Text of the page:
Radicals (roots) and/or exponentiation with fractional (rational) exponent

Rules and properties of radicals and/or fractional exponents

Operations on radical expressions

Radicals and/or fractional (rational) exponents
Radicals (roots) and/or exponentiation with fractional (rational) exponent
 The nth root of a real number a, denoted is defined to be such number x that  xn = a,
 or where n is a natural number greater than 1.
 Thus,  if a = 0,  then
 if a > 0,  then is the positive real number x such that  xn = a,
 if a < 0 and n is odd, then is the negative real number x such that  xn = a,
 if a < 0 and n is even, then is not a real number,
if n is an even number, the nth root of a is defined to be that number x 0 such that xn = a.
Even roots exist only for nonnegative numbers.
 Odd roots always exist and have the property that where n is odd.
 The expression is called a radical, the number a is called the radicand, and n is the index of the radical.
 The symbol is called the radical sign.
The principal nth root of a real number a is the unique real number x which is an nth root of a and is of the same sign as a.
Rules and properties of radicals
Let n be a natural number and a be a real number, then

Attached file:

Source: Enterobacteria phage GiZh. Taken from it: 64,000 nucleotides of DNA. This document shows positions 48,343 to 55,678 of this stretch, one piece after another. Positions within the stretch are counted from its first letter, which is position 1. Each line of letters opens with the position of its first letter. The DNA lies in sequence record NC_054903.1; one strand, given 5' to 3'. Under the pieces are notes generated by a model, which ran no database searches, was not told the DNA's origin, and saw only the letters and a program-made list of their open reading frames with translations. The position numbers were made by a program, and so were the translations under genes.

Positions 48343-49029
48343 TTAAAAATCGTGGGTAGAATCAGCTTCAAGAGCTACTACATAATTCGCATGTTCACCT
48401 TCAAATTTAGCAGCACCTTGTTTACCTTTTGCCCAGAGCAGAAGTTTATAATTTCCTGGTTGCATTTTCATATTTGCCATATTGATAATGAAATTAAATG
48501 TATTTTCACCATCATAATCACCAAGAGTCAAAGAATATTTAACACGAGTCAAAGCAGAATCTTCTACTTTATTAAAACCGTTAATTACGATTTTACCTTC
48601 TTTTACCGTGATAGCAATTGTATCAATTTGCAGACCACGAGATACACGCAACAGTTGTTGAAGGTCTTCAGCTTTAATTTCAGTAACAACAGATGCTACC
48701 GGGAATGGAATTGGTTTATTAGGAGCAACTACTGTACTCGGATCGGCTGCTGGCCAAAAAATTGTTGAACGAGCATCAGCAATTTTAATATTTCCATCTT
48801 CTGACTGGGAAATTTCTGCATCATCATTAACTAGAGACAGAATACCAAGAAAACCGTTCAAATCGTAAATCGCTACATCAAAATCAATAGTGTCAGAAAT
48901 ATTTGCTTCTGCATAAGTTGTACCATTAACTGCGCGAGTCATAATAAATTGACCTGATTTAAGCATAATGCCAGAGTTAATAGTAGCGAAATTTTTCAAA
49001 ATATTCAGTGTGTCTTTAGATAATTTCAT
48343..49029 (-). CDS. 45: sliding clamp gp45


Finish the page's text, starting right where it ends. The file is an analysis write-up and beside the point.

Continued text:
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 Examples: 1. The odd root of any real number exists:
 a) since  33 = 27. b) since  (-3)3 = (-3)·(-3)·(-3) = - 27. c) since  (-2)5 = (-2)·(-2)·(-2)·(-2)·(-2) = -32.
2. The even root of a nonnegative real number exists:
 a) since  42 = 16 and  4 > 0,   [recall that  ( ± 4)2 = 16]. b) since  34 = 81 and  3 > 0,   [recall that  ( ± 3)4 = 81].
Note that the even root is defined to be a nonnegative number.
 3. The even root of a negative real number does not exist as a real number.
 For example, do not exist as real numbers, but they do exist as complex numbers.
Rules and properties of radicals and/or fractional exponents
 If m, n and p are natural numbers (n >1) and if  a and b are nonnegative real numbers, then Properties Examples
As, to simplify means to reduce given expression to a simpler form, or find another expression with the same value. So, for example a square root radical expression is simplified when its radicand has no square factors.
To simplify a radical means to remove factors from the radical until no factor in the radicand has an exponent greater than or equal to the index of the radical and the index is as low as possible.
Therefore, use the product rule of radicals to simplify the nth root radicals. Throughout, we take variables to be positive, unless the index of the radical is odd.
 Examples:
Operations on radical expressions
Throughout, we take variables to be positive, unless the index of the radical is odd.